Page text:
Minecraft is famously known as the game that broke through the Indie bubble, becoming a massive hit across almost every platform and getting worldwide recognition. It has subsequently left many developers and publishers trying to figure out everything Markus Persson did right.
For today's post we're going to talk about the funding model behind Minecraft and how it combined pre-ordering and crowd-funding into an attractive offer for consumers that developers can use.
Ground Floor Funding:
We're going to call this model "Ground Floor Funding": Where consumers are given the option to buy a game with an unknown future for a fraction of the cost.
The idea is that the developer has nothing more than a prototype at the start and will give anyone who buys the copy of the game a massive discount at the risk of the developer who has no idea how long or if the game will be released.
You may notice that this sounds very similar to crowd-funding and early access and you are correct. But there are several key differences between ground floor and the other funding models.
What makes this different compared to other models is the state of the game and the offer. You need to have something available before you go this route. When Minecraft was first released, it had the basic gameplay foundation ready with very little else. Developers who go this route are normally putting up incredibility early builds like alpha version .01.
To sweeten the deal, the developer normally promises two things for anyone who buys the game at this state with the first being a massively discounted price. When Minecraft was first released, it was priced at about $13 due to the lack of content at the time. Over time as the game was improved and iterated on, the price slowly went up to where currently the cost to buy Minecraft is $26.
The second part is that the developer leverages all future content free of charge for people who buy now. Depending on the development of the game, this can be an amazing deal and enough for them to take a risk on giving the developer money.
At this moment, there are two other developers who have made use of ground floor funding -- Kerbal Space Program by Squad and Prison Architect by Introversion Software. It's important to mention that Prison Architect did things differently which we'll talk about in a moment.
With Kerbal Space Program, Just like with Minecraft the developers leverage their earliest version of their title along with the promise of free content to have enough money to work on the title. Eventually as work continued and the game was moved onto Steam, the free content offer has been removed as development continues.
While ground level funding sounds great, there are several important considerations that need to be understood to make it work.
The Risks of Ground Level Funding:
Ground level funding has some restrictions on how it can be used properly. First as we mentioned is that there must already be something available and playable before you go this route. If you're trying to sell an idea or proof of concept, it's better to use crowd-funding like kickstarter.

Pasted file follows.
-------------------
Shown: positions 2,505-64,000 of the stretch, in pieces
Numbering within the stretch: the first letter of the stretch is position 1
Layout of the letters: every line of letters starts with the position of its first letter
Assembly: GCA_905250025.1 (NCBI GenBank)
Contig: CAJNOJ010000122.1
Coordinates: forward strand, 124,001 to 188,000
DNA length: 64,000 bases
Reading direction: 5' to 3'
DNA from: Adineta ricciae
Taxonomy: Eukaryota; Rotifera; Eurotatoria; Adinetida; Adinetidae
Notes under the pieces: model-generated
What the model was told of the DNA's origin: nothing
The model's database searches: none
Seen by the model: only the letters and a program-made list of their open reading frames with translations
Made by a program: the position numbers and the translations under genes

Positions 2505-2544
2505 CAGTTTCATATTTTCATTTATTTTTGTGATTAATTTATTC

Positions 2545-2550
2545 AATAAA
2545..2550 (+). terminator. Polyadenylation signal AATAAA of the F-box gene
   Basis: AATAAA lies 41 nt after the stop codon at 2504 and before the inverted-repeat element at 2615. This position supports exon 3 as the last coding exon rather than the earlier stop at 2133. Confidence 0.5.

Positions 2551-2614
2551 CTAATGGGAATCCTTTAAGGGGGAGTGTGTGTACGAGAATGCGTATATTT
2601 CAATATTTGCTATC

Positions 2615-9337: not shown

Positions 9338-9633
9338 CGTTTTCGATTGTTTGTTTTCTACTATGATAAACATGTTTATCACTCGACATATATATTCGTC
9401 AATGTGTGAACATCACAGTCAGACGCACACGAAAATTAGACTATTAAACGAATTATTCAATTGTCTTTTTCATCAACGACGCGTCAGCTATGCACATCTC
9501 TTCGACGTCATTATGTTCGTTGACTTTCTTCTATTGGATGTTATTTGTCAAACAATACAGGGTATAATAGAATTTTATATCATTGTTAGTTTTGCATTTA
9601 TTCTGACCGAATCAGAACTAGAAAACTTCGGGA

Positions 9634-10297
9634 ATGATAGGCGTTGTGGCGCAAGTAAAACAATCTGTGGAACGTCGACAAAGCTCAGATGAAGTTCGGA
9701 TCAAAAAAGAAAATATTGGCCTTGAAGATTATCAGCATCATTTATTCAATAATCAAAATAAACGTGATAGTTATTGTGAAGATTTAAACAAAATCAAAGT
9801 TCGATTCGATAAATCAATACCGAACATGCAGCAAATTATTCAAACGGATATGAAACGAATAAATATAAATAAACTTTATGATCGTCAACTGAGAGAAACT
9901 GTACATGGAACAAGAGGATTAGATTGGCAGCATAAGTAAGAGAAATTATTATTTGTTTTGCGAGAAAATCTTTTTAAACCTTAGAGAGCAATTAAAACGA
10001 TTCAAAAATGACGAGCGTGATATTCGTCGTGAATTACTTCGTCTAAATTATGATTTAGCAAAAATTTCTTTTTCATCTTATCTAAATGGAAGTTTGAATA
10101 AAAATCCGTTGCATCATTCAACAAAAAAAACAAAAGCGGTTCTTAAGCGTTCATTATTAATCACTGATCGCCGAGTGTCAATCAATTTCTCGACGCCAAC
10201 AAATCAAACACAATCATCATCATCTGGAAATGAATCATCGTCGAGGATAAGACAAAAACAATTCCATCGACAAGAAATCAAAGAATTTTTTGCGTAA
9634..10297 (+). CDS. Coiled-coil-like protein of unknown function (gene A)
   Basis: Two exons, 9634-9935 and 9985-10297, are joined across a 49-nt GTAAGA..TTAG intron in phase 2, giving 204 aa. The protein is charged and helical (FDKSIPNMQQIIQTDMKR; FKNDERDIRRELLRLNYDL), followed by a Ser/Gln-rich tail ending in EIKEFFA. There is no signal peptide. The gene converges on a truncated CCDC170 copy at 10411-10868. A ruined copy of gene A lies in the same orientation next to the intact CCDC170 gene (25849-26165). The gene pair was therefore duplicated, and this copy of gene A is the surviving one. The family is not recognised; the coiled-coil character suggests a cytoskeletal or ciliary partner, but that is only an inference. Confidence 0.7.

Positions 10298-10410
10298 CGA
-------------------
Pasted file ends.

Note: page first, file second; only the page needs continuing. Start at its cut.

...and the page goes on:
Second is that no digital store will want to put a game in such a state on their metaphorical shelves. More so after Valve has begun to crackdown on early access and greenlight titles. Until you have something that's both popular and far enough along to be considered a game and not a prototype, you will have to sell it on your own.
Going back to Kerbal Space Program, the game was only available on the site itself for at least a year before they were able to get onto Steam.
It's important to have your site set up to handle selling copies of your game and you can turn to third party services to help you out. You'll need to be able to have a system to generate keys, handle transactions and downloads and if the game doesn't have in game updates, a place to let customers download the updated files.
If you are going with different versions or promised content based on when someone buys the game, you also need to be able to store and categorize your consumers in your system to make sure everyone gets what they were promised.
But the biggest risk is that ground floor funding is a harder sell compared to Kickstarter and early access. You're not going to have the protection and backing of a major site when you go this route and this can make it hard for consumers to trust you. Without the protection of Kickstarter or Steam, you'll need to really sell your idea in order to convince people to back it.
Another part of the risks is that it's hard to know what games will work for ground level funding as there are only three examples -- Minecraft, Prison Architect and Kerbal Space Program and they are very unique titles built around a lot of content and a long development cycle.
And even talking about Prison Architect is tough as it bucked the trend by pricing the game higher rather than lower when it was first announced and are going the opposite in terms of pricing compared to Minecraft and Kerbal.
But the risks can be worth the reward of providing a developer with all the funding they need while getting the attention and support from the fan base.
Selling Your Game Short:
Ground Floor Funding is not for every game or developer as you are putting all your chips on the table in hopes of scoring big. But when it works as in the cases of the games we've mentioned, can give a developer a very big safety and financial net to work on their dream project for as long as they want to make the best game possible.
Prison Architect at the moment is over two years into development with no signs of stopping while the game continues to build a fan base and profit for Introversion Software. For developers with a unique idea, ground level funding can be just what they need to be able to develop their game, but it's important to remember the risks that come with it.
(Reprinted from the Xsolla.com Blog)